Breast Cancer and the Coronavirus: Patricia F.

Coping Through Crisis: Breast Cancer and the Coronavirus

Patricia F.

Photos by Rathkopf Photography

Patricia F. was just 26 years old when she was diagnosed with breast cancer and started undergoing treatment.

She left a prolific career where she’d spent years as a self-described workaholic.

“Transitioning was not easy, but the fearlessness I had after braving cancer made it possible.”

That was the beginning of Patricia pursuing a passion for health and beauty that turned into a new career.

Patricia lives alone in an apartment in Philadelphia, a new hotspot for the coronavirus outbreak. As cases of COVID-19 spread, Patricia started practicing social distancing.

Going for walks in nature and visiting her favorite coffee shop and bookstore was a critical part of Patricia’s routine to maintain her mental health.

“Breast cancer recovery was really about my mind. If I got too depressed, I knew I could make myself sicker.”

Now, she struggles with feelings of isolation while sheltering at home.

Isolation is a familiar experience for young breast cancer survivors. The global pandemic, for many of them, is bringing back a torrent of feelings from early diagnosis and treatment.

“I’ve experienced emotional triggers from this pandemic being a cancer survivor because it just reminds me of my mortality, which breast cancer also did. And sometimes I can get really in my head about that.”

On top of the fear and anxiety around contracting the virus, breast cancer survivors are grappling with postponements in treatments and surgeries, mixed messaging on essential care and whether or not they’re immunocompromised when they’ve finished treatment like Patricia.

“I’m constantly worried, you know. Did I touch something? Did someone touch me? Did someone breathe in my direction?”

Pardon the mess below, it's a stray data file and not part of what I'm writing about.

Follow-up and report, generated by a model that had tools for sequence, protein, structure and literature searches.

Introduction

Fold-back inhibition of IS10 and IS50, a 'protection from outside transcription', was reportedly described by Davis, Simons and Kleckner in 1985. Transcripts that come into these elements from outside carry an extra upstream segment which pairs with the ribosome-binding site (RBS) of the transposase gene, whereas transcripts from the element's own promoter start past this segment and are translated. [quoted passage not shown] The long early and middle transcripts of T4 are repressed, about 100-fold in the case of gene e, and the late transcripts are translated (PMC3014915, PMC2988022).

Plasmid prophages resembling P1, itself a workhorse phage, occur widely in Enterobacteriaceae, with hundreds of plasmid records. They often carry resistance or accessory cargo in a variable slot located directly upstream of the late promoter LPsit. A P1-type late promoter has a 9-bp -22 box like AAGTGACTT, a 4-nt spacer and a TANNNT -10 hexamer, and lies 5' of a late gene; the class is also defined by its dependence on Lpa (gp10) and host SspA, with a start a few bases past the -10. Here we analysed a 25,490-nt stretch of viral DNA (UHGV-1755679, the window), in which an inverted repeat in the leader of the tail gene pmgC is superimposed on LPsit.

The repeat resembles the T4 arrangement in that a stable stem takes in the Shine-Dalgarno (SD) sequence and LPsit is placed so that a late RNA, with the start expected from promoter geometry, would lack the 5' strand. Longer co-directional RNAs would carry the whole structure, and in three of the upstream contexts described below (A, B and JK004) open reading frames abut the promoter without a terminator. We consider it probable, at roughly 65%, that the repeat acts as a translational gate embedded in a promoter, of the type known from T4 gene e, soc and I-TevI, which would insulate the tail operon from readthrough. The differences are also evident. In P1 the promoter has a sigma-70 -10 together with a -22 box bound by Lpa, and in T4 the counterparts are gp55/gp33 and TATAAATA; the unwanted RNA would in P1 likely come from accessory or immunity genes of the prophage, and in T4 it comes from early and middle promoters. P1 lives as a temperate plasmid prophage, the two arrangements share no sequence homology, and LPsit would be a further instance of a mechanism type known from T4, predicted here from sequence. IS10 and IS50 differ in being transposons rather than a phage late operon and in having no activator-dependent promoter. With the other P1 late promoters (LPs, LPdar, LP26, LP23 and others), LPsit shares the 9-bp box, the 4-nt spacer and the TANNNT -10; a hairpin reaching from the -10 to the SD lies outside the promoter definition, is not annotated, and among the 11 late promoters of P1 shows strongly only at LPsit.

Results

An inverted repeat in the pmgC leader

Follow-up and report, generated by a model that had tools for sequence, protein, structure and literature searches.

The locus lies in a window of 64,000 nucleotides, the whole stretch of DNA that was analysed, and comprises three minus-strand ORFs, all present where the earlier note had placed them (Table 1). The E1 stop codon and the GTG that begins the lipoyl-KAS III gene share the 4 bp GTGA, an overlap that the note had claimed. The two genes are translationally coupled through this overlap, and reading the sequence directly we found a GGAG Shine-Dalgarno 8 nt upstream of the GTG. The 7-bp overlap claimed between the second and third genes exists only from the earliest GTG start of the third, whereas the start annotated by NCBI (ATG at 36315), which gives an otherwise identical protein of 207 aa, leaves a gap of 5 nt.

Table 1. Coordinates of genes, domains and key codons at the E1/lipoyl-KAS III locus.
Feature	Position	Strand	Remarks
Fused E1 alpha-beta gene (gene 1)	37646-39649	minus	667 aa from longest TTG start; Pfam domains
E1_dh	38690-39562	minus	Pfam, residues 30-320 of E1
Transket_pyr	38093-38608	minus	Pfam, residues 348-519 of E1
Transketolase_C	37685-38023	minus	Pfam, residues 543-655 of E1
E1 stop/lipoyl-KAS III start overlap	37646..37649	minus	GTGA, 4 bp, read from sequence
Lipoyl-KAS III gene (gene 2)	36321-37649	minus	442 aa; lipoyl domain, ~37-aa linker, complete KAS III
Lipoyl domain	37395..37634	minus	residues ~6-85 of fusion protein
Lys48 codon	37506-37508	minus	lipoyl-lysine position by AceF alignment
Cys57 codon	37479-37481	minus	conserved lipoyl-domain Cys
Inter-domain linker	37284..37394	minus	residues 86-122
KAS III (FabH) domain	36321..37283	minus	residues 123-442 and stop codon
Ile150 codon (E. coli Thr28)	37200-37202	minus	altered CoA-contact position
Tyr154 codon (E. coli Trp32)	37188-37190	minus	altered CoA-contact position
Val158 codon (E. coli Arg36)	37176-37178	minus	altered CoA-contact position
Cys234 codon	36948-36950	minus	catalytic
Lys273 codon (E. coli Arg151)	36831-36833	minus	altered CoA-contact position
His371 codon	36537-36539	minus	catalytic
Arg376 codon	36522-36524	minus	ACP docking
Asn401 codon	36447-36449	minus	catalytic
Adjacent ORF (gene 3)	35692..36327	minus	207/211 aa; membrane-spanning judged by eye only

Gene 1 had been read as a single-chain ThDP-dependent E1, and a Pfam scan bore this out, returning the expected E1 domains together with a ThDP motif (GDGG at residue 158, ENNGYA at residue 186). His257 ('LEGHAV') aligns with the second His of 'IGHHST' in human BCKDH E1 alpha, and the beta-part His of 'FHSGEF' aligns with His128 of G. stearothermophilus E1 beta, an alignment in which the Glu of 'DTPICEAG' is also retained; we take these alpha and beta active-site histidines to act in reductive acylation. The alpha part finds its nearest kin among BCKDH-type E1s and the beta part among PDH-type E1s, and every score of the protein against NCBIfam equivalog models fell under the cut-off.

Much like disparities in breast cancer, Patricia sees the toll COVID-19 is taking on the African-American community.

“When I look at the numbers of African Americans disproportionately affected by COVID-19, I see the disadvantages they face. It’s uncomfortable to talk about, but it is racism that affects their ability to access affordable healthcare and health insurance.”

As the pandemic unfolds, Patricia relies on the skills that got her through treatment.

“I am just doing everything I can to make sure from moments of scanxiety when my doctor finds something unusual to worries about the coronavirus, I still keep myself as grounded as I possibly can.”

YSC and Rathkopf Photography have partnered for Mental Health Awareness Month to draw attention to the fear, anxiety, and isolation that COVID-19 triggers in young adults affected by breast cancer. Media often focuses on those in active treatment, but the consequences of cancer can last years after diagnosis. As the world grapples with its ‘new normal,’ these 5 survivors and thrivers navigate an already permanently altered life after cancer now compounded by COVID-19. Follow their stories all May.

Make a Donation

YSC relies on donations to carry out its mission, and these have almost completely stopped due to the coronavirus and economic shutdown. We’re asking that everyone who loves YSC donate $25 so that we can continue to support young adults like Patricia F.

Donate to YSC

Read more from Our Series
Coping Through Crisis: Breast Cancer and the Coronavirus

Simple Share Buttons